Be aware that it will be necessary for you to carry some form of identification (hospital ID or a state-issued clinician ID card) in order to pass through security checkpoints that may be established during a crisis. Before an emergency occurs, you should also take the time to familiarize yourself with alternative transportation routes/methods to reach your institution in an emergency. If your facility has created materials on alternative travel routes, be sure to study these materials in advance.


Clinician Roles and Possible Assigned Tasks

During a large-scale incident involving a chemical release, your hospital will activate its emergency response plan utilizing HEICS. The hospital administration will open the Incident Command Center — the hub of all major decision-making and coordination of the facility's activities throughout the HEICS activation. The Incident Command Center will operate under the management of the hospital's Emergency Incident Commander. At this point, functional role assignments will be made. As a clinician, you will most likely be assigned to the Operations Section, where you will work under the command of the Operations Section Chief. Your contribution to the hospital response will be to care for patients affected by the incident. As such, your functional role will probably be consistent with your clinical title: doctor, nurse, nurse practitioner, physician assistant, dentist, or other health-care professional. You may be assigned to do the same tasks you do every day or tasks that differ from your usual responsibilities.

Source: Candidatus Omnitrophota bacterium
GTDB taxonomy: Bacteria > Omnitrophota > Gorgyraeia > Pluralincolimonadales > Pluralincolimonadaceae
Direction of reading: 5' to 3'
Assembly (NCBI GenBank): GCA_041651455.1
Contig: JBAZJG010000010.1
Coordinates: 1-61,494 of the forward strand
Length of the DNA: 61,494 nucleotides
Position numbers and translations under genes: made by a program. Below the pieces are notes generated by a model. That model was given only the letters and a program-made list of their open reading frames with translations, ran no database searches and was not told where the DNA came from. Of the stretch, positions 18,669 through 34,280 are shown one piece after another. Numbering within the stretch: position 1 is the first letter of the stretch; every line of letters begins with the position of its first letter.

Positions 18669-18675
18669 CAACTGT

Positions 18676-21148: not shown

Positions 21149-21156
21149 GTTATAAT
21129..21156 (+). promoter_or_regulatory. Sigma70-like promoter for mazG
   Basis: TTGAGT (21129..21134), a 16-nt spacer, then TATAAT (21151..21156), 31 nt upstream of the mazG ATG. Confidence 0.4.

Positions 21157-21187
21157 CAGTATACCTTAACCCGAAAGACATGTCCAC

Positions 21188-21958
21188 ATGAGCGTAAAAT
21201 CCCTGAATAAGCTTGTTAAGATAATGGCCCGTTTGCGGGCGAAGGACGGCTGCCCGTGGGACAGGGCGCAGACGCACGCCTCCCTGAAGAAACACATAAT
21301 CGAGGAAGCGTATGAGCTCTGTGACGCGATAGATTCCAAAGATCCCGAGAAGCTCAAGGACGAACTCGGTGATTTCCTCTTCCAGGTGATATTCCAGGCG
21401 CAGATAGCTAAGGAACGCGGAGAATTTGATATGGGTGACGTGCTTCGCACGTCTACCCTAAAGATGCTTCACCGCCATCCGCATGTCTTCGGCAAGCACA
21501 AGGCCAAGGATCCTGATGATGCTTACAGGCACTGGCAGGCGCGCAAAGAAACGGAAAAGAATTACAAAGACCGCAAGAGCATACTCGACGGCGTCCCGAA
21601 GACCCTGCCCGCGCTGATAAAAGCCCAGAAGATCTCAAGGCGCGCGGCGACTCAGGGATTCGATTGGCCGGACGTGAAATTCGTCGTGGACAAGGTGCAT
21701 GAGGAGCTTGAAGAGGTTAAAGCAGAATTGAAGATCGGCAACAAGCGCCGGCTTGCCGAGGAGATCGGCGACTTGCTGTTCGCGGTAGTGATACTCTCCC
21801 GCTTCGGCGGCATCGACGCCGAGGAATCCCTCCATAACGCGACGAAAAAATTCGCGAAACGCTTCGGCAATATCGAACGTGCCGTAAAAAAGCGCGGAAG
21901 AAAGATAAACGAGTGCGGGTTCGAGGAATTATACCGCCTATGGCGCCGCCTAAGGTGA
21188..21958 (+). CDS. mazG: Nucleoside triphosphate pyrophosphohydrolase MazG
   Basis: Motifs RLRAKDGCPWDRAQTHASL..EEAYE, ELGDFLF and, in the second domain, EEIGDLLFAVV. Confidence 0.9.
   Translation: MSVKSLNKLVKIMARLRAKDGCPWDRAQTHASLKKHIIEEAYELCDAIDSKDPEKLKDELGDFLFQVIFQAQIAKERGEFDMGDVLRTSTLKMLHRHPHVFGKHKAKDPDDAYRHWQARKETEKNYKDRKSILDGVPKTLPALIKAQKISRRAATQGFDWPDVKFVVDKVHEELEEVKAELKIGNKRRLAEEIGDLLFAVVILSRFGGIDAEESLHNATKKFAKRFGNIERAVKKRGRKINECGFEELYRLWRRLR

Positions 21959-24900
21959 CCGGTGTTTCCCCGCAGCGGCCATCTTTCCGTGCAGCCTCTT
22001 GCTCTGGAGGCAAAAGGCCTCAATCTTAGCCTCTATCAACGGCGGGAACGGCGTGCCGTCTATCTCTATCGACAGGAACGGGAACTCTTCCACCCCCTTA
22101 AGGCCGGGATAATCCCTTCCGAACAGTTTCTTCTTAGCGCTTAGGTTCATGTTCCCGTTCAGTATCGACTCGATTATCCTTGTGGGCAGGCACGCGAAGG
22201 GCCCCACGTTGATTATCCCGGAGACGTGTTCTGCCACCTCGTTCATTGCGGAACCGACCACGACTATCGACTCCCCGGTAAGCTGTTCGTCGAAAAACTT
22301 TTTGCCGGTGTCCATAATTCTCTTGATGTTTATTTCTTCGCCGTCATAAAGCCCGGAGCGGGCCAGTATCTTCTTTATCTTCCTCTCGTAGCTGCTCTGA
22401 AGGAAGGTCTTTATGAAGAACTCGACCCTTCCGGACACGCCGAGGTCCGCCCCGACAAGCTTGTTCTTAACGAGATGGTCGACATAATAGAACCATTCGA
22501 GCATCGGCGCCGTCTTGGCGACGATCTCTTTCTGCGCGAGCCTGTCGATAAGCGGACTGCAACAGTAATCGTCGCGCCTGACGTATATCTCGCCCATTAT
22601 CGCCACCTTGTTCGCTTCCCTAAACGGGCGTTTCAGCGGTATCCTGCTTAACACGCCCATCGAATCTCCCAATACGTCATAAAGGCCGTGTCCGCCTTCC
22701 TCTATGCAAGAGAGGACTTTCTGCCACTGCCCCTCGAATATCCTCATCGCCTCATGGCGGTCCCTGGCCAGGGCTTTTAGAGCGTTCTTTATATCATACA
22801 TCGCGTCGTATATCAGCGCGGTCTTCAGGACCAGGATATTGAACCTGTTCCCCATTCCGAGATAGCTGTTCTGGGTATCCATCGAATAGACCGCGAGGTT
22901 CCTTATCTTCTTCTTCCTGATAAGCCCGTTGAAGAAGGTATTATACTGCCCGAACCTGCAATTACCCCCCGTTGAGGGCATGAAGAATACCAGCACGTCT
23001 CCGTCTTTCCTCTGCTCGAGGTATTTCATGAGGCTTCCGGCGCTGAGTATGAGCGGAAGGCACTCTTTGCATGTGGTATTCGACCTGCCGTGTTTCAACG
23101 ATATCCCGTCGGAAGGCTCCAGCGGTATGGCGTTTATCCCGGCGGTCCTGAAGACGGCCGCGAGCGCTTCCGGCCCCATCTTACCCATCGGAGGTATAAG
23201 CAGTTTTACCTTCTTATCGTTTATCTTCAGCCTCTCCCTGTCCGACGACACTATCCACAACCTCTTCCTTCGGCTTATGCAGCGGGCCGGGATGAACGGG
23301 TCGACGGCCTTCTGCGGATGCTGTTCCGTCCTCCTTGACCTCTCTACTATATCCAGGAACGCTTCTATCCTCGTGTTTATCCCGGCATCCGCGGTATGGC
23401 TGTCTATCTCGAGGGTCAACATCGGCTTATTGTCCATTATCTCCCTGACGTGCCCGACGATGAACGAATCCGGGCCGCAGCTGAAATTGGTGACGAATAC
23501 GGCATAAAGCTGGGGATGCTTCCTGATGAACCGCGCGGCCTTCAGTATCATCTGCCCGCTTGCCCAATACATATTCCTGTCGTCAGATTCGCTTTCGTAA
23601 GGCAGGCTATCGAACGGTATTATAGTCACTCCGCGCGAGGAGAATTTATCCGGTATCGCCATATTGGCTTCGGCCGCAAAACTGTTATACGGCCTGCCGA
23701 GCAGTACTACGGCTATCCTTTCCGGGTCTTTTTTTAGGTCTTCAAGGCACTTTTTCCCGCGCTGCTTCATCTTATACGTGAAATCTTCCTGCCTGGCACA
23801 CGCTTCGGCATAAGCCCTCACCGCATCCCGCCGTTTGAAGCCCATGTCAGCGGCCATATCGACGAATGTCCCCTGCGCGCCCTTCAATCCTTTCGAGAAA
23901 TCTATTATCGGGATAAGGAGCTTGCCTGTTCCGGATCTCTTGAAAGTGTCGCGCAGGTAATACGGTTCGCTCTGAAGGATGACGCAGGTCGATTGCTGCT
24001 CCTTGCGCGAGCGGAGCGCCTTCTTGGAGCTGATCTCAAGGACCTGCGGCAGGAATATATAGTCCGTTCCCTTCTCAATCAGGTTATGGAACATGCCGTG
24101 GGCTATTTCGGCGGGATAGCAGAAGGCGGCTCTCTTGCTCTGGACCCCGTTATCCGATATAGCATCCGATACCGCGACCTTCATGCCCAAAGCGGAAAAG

Here is a listing of possible tasks you might be assigned:


  • Providing medical or nursing care to patients in units that are short-staffed because clinicians are unable to get to work or were assigned to other roles.
  • Discharging patients as part of the hospital’s surge capacity plan.
  • Caring for selected victims under the direction of the medical care director following established protocols.
  • Assessing the skills of the labor pool in anticipation of new functional role assignments.
  • Accompanying patients during intra- and inter-facility transport and assisting with care.

Staff Training:

  • Assisting in providing specialized “just-in-time” trainings.


  • Triaging family and concerned citizens to identify those with special mental-health needs.


  • Assisting the emergency department team in managing patient triage.


Safety Issues